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Is Sweden's Fika Coffee Break Tradition Disappearing?

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Longer work hours may be to blame

Fika time
Fika time
Stefan Domanske/Flickr

Fika, though it may sound like an Ikea bookcase, is a time-honored Swedish tradition of a leisurely coffee break that's often accompanied by pastries or other sweets. Even more important than the caffeine is the social aspect; it's akin to the English tradition of afternoon tea.

Sitting down with a friend for a chat over a latte is fika; hurriedly slurping down an espresso on your way to a meeting is decidedly not fika. Sweden is the world's third-largest coffee drinking country, and some have speculated that fika — which at least in theory can take place multiple times throughout the work day — might be responsible for Swedes' general lack of work-related stress.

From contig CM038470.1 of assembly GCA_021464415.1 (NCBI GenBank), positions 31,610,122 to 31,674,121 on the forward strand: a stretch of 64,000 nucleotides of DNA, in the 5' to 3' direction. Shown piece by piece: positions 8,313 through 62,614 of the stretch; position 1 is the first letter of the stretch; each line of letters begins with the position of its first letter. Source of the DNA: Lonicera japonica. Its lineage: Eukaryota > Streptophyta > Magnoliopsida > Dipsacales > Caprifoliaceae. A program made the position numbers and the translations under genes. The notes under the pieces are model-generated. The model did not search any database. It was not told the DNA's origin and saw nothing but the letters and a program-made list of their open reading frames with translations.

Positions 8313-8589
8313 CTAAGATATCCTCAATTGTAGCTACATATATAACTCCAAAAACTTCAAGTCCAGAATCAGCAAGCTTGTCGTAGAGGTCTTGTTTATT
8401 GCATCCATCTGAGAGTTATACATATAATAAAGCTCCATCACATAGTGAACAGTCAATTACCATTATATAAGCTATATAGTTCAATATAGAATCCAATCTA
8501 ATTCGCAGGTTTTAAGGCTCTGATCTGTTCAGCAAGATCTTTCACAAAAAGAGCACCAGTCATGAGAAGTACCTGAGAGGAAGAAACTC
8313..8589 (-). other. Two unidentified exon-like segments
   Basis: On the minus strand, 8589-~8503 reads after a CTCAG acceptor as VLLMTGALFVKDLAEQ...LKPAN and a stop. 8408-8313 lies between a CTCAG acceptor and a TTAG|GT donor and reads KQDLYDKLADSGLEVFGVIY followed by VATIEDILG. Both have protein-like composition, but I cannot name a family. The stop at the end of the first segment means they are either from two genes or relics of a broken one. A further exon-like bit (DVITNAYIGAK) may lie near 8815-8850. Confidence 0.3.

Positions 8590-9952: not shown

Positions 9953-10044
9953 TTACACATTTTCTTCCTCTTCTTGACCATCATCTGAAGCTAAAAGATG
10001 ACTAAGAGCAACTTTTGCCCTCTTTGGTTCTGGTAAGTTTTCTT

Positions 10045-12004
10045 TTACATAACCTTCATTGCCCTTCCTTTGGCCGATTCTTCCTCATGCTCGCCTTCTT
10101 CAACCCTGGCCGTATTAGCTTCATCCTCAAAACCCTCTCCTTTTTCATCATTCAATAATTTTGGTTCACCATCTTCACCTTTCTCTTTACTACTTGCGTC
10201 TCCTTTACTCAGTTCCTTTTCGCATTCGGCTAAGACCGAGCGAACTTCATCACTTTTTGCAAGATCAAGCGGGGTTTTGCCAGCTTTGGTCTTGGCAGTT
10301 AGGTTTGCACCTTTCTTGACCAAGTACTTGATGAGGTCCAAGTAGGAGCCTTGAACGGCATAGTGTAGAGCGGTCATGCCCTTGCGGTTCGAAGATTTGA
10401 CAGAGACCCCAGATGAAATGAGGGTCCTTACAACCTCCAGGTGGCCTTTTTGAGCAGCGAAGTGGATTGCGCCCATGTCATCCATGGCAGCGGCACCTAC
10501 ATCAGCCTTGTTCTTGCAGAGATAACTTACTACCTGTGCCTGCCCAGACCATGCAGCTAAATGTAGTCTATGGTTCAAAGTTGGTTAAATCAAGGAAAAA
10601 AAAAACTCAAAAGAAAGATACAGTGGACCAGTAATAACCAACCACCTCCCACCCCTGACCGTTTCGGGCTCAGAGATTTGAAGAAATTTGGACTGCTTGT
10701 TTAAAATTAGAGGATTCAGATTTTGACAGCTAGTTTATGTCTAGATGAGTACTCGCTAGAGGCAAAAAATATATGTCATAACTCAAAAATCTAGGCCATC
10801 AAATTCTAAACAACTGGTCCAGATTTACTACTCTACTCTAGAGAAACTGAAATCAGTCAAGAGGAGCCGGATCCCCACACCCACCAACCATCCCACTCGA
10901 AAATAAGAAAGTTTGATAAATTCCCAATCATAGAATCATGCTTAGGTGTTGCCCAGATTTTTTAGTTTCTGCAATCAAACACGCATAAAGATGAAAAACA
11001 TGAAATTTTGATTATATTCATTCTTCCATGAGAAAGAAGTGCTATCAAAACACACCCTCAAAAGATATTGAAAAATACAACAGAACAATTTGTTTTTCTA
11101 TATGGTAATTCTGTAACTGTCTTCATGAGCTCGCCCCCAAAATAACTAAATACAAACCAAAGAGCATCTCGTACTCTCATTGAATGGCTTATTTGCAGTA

But according to Business Insider, American ideas about fika are seemingly misled: The coffee break tradition isn't really popular with young people in Sweden, leading BI (which just launched a Nordic edition) to wonder if fika could be facing extinction. It speculates the reason behind the cultural shift "could be that Swedes are working longer hours than previous generations, leaving no time for an extended coffee break."

At least among the older generations, however, fika is so cherished that some companies have even made it mandatory. Even if millennials are eschewing the leisurely coffee breaks their parents and grandparents hold dear, its legacy may live on in other parts of the world, at least as inspiration to take a bonafide break in the middle of a long work day.

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